In the event, it was hardly surprising that Johansson admitted after his stunning four set defeat of Safin in the final that he surprised himself, more than anyone else, by his success.
"Yes, I never thought that I was going to be a Grand Slam winner. I mean, it is just unbelievable," said the Swede who lost to Paradorn Srichapan of Thailand in the quarterfinals of the Tata Open, less than four full weeks before lifting the trophy at Melbourne to join such Swedish giants as Bjorn Borg, Mats Wilander and Stefan Edberg in the Grand Slam honours roll.
Johansson himself would be the first to acknowledge that he is hardly in the same league as Borg and Edberg. And it is debatable whether the man who came into Melbourne as the sport's 18th best player would have lived out a dream during the fortnight if the draw had not opened up nicely for him in the bottom half.
In winning the title, the self-effacing Swede did not beat a single Top Ten player - even Safin is ranked outside the top 10, at No.11 - and it is difficult to say what would have been his fate had men such as Agassi, Kafelnikov, Kuerten and Henman been around during the second week.
But, then, as a professional a player can only be expected to play with the cards he is dealt and Johansson did that in great style, stepping up from the moment he faced Bjorkman across the net in the quarterfinals.
Then again, after struggling through the first half of the semifinal against Jiri Novak, before sneaking through in five sets, Johansson came up with the performance of his life in the title match against the giant Russian who went into the match as a prohibitive odds-on bookmakers' favourite.
Few players - even the ones in the top five - could have handled Safin's powerful serves the way Johansson did on that Sunday afternoon. Perhaps the only active player who could have done as well, if not better, was Andre Agassi. Safin got increasingly frustrated when he found out that everything that he threw at the Swede was coming back with interest, so to say.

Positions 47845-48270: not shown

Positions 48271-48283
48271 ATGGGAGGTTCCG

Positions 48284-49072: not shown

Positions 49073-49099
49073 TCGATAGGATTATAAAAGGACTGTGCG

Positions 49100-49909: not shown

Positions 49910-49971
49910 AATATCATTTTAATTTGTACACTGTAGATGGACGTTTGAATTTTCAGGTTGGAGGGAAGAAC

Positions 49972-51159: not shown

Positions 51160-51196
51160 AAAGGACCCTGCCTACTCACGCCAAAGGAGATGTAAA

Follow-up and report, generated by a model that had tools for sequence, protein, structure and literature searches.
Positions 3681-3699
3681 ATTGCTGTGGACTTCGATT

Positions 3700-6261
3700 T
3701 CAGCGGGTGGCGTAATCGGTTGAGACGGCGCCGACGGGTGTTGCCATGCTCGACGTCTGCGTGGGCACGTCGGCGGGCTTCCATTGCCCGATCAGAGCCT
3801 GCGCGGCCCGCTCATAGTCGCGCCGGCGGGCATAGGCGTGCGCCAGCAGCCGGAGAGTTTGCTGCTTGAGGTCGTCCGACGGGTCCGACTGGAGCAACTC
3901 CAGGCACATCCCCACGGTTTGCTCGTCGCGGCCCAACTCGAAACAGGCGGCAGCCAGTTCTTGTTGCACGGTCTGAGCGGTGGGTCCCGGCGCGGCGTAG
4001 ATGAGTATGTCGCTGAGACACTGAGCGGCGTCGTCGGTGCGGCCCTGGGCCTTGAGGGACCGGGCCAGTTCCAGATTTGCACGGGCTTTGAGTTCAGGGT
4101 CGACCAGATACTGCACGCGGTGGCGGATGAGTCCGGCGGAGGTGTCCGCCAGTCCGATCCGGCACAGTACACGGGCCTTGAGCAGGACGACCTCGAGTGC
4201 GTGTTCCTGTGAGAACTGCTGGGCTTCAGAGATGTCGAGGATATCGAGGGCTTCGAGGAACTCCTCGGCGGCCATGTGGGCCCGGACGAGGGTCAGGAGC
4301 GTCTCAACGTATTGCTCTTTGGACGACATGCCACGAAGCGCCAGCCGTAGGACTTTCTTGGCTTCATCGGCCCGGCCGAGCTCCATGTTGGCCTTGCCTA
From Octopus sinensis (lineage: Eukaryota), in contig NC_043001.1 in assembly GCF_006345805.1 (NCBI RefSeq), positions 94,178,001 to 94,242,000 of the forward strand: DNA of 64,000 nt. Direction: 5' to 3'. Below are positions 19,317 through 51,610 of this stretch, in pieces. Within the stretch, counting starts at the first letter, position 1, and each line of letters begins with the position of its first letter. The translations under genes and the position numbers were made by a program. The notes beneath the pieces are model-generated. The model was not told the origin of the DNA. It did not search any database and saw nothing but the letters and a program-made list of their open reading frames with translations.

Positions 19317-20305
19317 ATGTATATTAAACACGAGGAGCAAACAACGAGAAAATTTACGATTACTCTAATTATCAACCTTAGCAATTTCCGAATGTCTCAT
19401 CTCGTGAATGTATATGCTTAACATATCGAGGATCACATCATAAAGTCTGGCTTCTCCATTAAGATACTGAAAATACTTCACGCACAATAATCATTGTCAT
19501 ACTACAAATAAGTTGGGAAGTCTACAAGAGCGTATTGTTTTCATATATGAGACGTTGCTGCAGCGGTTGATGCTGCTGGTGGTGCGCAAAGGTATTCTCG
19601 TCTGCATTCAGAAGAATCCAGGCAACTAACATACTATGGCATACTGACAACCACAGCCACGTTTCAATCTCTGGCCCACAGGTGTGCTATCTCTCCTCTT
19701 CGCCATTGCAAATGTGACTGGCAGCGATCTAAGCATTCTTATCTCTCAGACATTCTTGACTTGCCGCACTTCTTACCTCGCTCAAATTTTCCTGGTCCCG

This apart, Johansson served with courage and intelligence on the big points and won several crucial points with a backhand that made Safin's - the player generally believed to possess the best backhand in the game - look like a journeyman's self-defence weapon.
"He was overpowering me from the baseline. Which was very unusual for me," said Safin. "That somebody is playing much better backhand than me; that was bad. I never got a chance to come back."
The previous day, of course, none of us believed that Jennifer Capriati had the chance to come back. Playing her most confident tennis in three years at Melbourne, Martina Hingis, in her sixth consecutive Australian Open final, was up by a set and 4-0.
But, as it turned out, in a stunning turnaround - unprecedented in women's tennis in Grand Slam history - Hingis backed away a little and then Capriati fought with patented tenacity to stave off four matchpoints in the second set before winning in three to retain her title.
On the hottest day of the championships, once Capriati knotted up the match in the second set tiebreaker, Hingis wilted, mentally first and then, even more so physically.
"She was pretty close to getting revenge on me. Like last year, the same two sets, same scores. On those matchpoints I was really aggressive, and it paid off," said Capriati.
The opposite was true too, when you looked at it from the other side of the net. For, just when she seemed to have the match in her pocket, just when she needed to confidently go through the motions of the climax, Hingis stepped away. Surely nervous, she turned far too conservative.
"She just went for it. Sometimes you can't be passive at those points, but I was. I was like, 'Okay, hopefully she's going to make the mistake.' Next time I should take charge of it and try to do something myself. Today mentally and physically I wasn't up to it," said Hingis.
Then again, it has been quite some time now since Hingis managed to take charge in a Grand Slam final. Her last final victory at the majors came in January 1999 at Melbourne. More than three years have passed now and with each tournament it is going to become increasingly difficult to "take charge."
On the other hand, for Capriati, winner of two Slam titles last year and already off to a great start in the next season, winning has become a sort of habit now, as it does with all champions in their prime.
As poorly as Hingis played when it came to the crunch, few players would have fought as courageously as did Capriati in the second set of the final. Her success is all about belief - belief in her own capacity to bring off the impossible.
Indeed, Capriati did pull off Mission Impossible II this year to kick-start a splendid weekend of Grand Slam tennis which has stretched the sport's wonderful capacity for surprise into the new year.
Contents Daily Sports The Hindu Business Line Frontline Home
Copyright © 2002 The Sportstar
Republication or redissemination of the contents of this screen are expressly prohibited without the written consent of The Sportstar.